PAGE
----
See more of the story

Qumu, a Minneapolis-based maker of video software tools, will merge with New York firm Synacor Inc.

"This is a strategic and highly synergistic combination that creates operating software scale and accelerates growth," said Himesh Bhise, CEO of Synacor, in a statement released Tuesday. "Together with Qumu, we will be a software-focused business with about $50 million of high-margin recurring revenue, positioned in the attractive collaboration product segments of e-mail, identity and video."

Synacor, publicly traded and based in Buffalo, is a cloud-based software company that focuses on video, internet and communications providers. It had annual revenue of $144 million in 2018 but has lost money the previous six years.

The all-stock transaction is expected to close in mid-2020 with Qumu shareholders receiving 1.61 shares of Synacor for each share they own.

Vern Hanzlik, president and CEO of Qumu, said in a conference call about the deal that combining the companies gives them some economies of scale that should make them stronger.

"Admittedly, as micro-cap publicly traded companies, both organizations have faced challenges resulting in a lack of financial scale, market liquidity and other inefficiencies while incurring significant public company expenses," Hanzlik said. "By eliminating these redundancies, we will generate significant and immediate cost synergies."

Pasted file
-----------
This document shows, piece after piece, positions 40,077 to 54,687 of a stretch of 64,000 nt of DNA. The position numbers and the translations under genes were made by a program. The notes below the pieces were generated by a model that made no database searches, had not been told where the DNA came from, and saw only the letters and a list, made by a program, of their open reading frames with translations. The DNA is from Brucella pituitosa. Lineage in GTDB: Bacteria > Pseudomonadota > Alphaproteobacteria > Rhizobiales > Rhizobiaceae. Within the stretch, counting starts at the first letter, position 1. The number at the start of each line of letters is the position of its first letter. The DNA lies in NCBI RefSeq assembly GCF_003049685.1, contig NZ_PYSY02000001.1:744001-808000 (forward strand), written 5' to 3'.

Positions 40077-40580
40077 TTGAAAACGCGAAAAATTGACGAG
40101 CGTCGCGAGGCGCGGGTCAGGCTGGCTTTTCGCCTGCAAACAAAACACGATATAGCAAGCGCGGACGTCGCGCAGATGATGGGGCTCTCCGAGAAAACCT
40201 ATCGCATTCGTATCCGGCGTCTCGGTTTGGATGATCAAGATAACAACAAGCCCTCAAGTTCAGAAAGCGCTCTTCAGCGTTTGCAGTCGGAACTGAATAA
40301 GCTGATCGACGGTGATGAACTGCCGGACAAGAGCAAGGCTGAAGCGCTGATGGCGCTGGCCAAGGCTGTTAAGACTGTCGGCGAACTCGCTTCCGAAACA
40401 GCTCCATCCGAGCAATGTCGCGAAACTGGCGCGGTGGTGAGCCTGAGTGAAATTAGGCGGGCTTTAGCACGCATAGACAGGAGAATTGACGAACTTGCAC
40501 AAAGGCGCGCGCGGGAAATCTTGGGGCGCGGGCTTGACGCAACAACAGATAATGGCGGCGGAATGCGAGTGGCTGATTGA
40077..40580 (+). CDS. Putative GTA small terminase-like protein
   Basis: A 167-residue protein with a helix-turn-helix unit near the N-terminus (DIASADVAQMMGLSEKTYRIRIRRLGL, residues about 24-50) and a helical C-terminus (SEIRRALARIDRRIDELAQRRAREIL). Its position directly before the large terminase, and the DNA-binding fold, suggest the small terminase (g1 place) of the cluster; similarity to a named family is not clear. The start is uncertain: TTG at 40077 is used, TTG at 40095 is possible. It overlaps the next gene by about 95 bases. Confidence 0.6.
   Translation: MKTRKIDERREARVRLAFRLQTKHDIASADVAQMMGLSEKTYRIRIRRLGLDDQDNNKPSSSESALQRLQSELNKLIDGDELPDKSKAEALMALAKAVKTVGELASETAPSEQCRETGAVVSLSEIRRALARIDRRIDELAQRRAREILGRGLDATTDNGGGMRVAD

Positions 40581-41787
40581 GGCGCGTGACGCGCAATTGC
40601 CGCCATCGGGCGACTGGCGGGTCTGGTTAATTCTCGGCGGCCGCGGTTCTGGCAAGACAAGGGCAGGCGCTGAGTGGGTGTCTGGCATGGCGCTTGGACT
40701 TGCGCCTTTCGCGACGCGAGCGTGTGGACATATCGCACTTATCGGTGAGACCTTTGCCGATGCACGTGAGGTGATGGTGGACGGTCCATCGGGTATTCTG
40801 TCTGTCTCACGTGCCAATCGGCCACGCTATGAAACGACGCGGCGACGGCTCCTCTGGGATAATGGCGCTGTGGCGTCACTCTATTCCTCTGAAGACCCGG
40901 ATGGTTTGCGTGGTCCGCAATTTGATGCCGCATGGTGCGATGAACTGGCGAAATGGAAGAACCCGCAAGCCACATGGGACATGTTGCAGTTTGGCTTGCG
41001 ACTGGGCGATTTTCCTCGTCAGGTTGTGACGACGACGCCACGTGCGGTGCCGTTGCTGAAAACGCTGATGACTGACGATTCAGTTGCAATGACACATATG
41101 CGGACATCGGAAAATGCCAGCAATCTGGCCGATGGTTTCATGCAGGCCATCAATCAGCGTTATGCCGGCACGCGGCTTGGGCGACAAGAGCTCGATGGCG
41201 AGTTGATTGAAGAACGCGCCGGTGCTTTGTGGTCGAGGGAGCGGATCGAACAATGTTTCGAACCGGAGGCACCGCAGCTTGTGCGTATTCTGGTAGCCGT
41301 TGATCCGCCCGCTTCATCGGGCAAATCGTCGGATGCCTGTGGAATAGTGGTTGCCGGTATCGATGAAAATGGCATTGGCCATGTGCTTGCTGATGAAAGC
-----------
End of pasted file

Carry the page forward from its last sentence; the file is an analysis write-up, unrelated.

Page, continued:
With 13.56 million shares outstanding and Synacor shares trading around $1.45 per share, the deal is valued around $20 million. At closing, Synacor stockholders will own approximately 64% of the combined company and Qumu shareholders about 36%.

"Both boards of directors and both management teams believe that this is a strategic and highly synergistic combination," Bhise said on the conference call.

Qumu is one of the smaller public companies in Minnesota, with annual revenue in 2018 of $25 million. Formerly known as Rimage Corp., it went public in 1992 and its annual revenue peaked at $108 million in 2007.

Rimage was a disc publishing company, but it got into the video content management software business when it acquired Qumu in 2011 and later adopted its name. In 2014, it sold its legacy disc publishing business to concentrate on the enterprise video software market.

Synacor is in the midst of its own restructuring. Earlier this year, the company ended a relationship with to provide web-portal services. The ATT contract provided a big portion of Synacor's business. That's the reason that a combined Synacor and Qumu are expected to have revenue of $120 million, significantly less than the $143 million in revenue Synacor recorded in 2018.

As part of the transaction, Synacor will restructure its board of directors. The seven-member board will include Bhise and three members selected by Synacor, two directors by Qumu. The combined board will search for a seventh independent director.

Hanzlik, who has been CEO of Qumu since 2015, will join Synacor as chief revenue officer of software and services and report to Bhise.

"With Synacor having an extensive network of more than 1,900 distribution partners and an established base of more than 4,000 customers, the merger will immediately accelerate our go-to-market efforts," Hanzlik said in a release.

Shares of both companies closed down on Tuesday. Synacor shares closed at $1.40, down 13 cents, while Qumu shares closed at $2.16, down 38 cents.

Patrick Kennedy • 612-673-7926